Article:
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Is Chase Claypool the deep threat the Steelers are looking for?

Check out Part Two of the Chase Claypool film room series.

Notre Dame v Duke Photo by Grant Halverson/Getty Images

The first part of this film room showed Chase Claypool’s route tree in shorter routes. Chase Claypool ran a lot of routes, showed a solid understanding of speed control as well as being a physical blocker and violent runner after the catch.

In this article we are going to look at Chase Claypool as a deep threat WR, both the good and the bad.

Go routes

A go route is the simplest of routes, run in a straight line toward the end zone. It’s a great route not just for making big plays, but also for stretching the field and creating space for the rest of the offense. Claypool, with his speed and height, seems built for go routes.

Chase Claypool scores a TD on this play, but the best part is the start of the route. Claypool runs right at the CB, the same way he does for out routes, for hooks, the same way he runs when he’s blocking. When he hits the 35 yard line he accelerates and runs outside the CB. That acceleration matters. If Claypool can do that a few times in the NFL, defenses will start cheating safeties back and toward Chase Claypool’s side.

That play shows Chase Claypool using up the cushion he was given before revealing his route, this next one shows him doing it against press coverage.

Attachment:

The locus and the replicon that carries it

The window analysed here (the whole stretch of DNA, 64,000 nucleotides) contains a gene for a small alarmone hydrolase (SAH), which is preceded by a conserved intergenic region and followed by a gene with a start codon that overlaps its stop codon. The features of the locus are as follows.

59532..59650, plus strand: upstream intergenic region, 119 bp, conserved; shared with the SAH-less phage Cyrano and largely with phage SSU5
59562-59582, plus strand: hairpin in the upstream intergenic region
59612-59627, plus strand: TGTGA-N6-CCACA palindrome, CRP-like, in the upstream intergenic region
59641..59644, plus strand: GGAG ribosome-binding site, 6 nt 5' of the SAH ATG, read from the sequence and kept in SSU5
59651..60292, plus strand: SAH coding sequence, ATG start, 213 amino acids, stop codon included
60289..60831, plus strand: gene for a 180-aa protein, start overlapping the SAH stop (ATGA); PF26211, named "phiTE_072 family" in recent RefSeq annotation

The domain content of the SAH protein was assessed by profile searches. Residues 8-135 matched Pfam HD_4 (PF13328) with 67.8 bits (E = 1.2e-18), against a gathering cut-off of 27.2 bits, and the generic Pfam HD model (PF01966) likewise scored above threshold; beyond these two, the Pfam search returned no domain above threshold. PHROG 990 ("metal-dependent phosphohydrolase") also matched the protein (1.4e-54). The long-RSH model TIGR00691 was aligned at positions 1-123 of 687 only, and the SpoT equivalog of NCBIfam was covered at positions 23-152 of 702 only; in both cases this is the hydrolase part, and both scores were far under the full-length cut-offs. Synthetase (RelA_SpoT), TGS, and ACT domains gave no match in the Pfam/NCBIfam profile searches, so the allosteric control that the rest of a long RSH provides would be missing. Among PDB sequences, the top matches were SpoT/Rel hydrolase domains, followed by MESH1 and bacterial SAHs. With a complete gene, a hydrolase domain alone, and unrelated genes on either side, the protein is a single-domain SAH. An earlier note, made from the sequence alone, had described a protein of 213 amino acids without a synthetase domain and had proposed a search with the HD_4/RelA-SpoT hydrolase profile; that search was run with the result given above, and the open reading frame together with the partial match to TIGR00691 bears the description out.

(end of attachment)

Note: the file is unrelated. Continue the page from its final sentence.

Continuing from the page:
Claypool wins this release, faking to the outside to change the CB’s target for his bump, then cuts inside and sweeps the DBs hands off of him. He makes a nice catch for a big gain. Chase Claypool can run deep routes if you play off of him, and if you jam him.

But Claypool did have struggles. Most notably when matched up with the better corner backs he faced.

Chase Claypool is the receiver to the bottom of the screen.

As Claypool leaves the screen the CB has outside leverage and is in position to physically attack Claypool’s route, while staying over top of the route. his QB throws the ball to the outside of his route, but look at how far to the middle his route has gone, and the CB is right on him, even a perfectly placed ball is going to be hard to catch. Claypool’s biggest weakness is against defense like this, let him get off the line and then physically get into him during his route, as he allows DBs to stay on his hip and also lets defenders move him off his route.